4 Brands Whose Creative Approaches to Mobile Marketing Are Getting Big Results

Google updates best-practice 'playbook'

Headshot of Lauren Johnson

Did you know that 67 percent of smartphone shoppers will switch to a competitor's site if the checkout process takes too long? That's one of a handful of stats Google is releasing today in a new report about how brands like Walmart and Red Roof Inn are moving the sales needle with mobile marketing.

Here are four of the most interesting case studies in the report. It's no surprise that mobile budgets keep growing, but if nothing else, the below examples should give brand marketers a better idea of which mobile tactics actually work.

1. Red Roof Inn: An estimated 90,000 travelers are stranded every day from canceled flights. So the hotel chain and 360i ran a mobile search campaign targeting folks scrambling to find a nearby hotel with creative like, "Stranded at the airport?"

The result: A 60 percent increase in last-minute bookings. (The campaign also was a winner in Adweek's Project Isaac Awards, honoring inventive marketing.)

2. Home Depot: When people need help tiling a bathroom floor or building a patio, they're far more likely to watch a video on a smartphone than a desktop. With that in mind, Home Depot has published hundreds of do-it-yourself videos on YouTube.

The result: More than 43 million YouTube views, with the top 10 videos each generating a million or more views.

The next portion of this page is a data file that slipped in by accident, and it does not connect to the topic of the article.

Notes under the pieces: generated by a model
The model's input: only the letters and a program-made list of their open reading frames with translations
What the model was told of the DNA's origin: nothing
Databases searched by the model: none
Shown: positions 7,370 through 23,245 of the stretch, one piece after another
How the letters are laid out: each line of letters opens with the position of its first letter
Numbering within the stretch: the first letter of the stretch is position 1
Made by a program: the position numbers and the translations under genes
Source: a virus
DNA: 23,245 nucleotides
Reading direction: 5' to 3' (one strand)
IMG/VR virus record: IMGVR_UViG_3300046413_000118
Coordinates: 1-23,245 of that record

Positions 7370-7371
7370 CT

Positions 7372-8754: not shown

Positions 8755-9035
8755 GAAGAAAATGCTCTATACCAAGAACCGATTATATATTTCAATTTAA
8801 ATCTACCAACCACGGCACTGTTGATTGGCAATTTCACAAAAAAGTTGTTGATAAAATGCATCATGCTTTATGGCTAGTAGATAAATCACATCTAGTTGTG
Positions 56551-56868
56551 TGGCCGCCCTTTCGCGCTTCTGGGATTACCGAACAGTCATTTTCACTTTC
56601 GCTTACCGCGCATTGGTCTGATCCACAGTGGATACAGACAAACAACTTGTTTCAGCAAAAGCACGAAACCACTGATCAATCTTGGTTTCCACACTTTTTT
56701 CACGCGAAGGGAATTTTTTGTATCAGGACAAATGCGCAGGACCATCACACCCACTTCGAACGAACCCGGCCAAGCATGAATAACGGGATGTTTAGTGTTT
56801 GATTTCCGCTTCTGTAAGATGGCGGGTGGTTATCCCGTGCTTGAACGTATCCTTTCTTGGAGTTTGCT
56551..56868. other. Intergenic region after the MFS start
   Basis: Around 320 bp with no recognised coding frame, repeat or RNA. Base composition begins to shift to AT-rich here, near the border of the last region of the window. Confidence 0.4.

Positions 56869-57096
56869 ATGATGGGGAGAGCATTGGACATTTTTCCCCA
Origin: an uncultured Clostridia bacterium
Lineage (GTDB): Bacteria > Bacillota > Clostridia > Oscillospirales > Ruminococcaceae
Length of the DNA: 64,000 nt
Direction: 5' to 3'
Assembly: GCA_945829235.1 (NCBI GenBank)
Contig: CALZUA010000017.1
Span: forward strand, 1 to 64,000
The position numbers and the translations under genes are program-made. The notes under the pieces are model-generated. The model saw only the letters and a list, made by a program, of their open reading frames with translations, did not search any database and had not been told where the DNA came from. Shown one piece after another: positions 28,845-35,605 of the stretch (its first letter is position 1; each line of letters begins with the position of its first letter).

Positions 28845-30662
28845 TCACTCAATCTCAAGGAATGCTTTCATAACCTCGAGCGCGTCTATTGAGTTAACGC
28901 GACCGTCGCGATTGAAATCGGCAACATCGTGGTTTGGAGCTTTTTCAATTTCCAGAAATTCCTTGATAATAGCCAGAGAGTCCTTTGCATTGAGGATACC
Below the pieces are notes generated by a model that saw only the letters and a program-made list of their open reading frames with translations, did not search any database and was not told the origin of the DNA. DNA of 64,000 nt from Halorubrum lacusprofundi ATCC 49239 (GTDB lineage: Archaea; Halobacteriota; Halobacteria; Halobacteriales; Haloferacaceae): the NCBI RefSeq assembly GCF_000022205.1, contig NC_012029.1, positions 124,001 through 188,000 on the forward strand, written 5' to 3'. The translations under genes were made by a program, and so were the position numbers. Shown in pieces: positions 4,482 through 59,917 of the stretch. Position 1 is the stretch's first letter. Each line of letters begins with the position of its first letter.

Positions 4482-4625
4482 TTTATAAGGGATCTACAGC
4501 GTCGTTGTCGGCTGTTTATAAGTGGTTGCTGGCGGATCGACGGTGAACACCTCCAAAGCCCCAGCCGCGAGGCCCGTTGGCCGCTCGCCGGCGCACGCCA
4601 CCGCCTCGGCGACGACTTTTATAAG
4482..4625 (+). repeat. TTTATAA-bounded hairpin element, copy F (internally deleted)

3. Walmart: Speed is everything in e-commerce. Last year, Walmart's mobile site took 7.2 seconds to load. That may seem like a small window of time, but it was slow enough to send a significant number of shoppers elsewhere. To speed up load time, Walmart changed its site's fonts, images and code.

The result: The big-box retailer cut its load time from 7.2 seconds to 2.9 seconds this year. Each second shaved off reportedly boosted conversions by 2 percent.

4. Realtor.com: A real estate website might seem like a strange brand for actress Elizabeth Banks to endorse, but the brand found a creative way for her to convey its message through online video. Banks created a five-part YouTube series that walks first-time homeowners through the steps of buying a house.

The result: 400,000 YouTube views in three weeks. Skippable video ads promoting the video generated a 30 percent view-through rate, which measures the number of complete views divided by ad impressions.

@laurenjohnson lauren.johnson@adweek.com Lauren Johnson is a senior technology editor for Adweek, where she specializes in covering mobile, social platforms and emerging tech.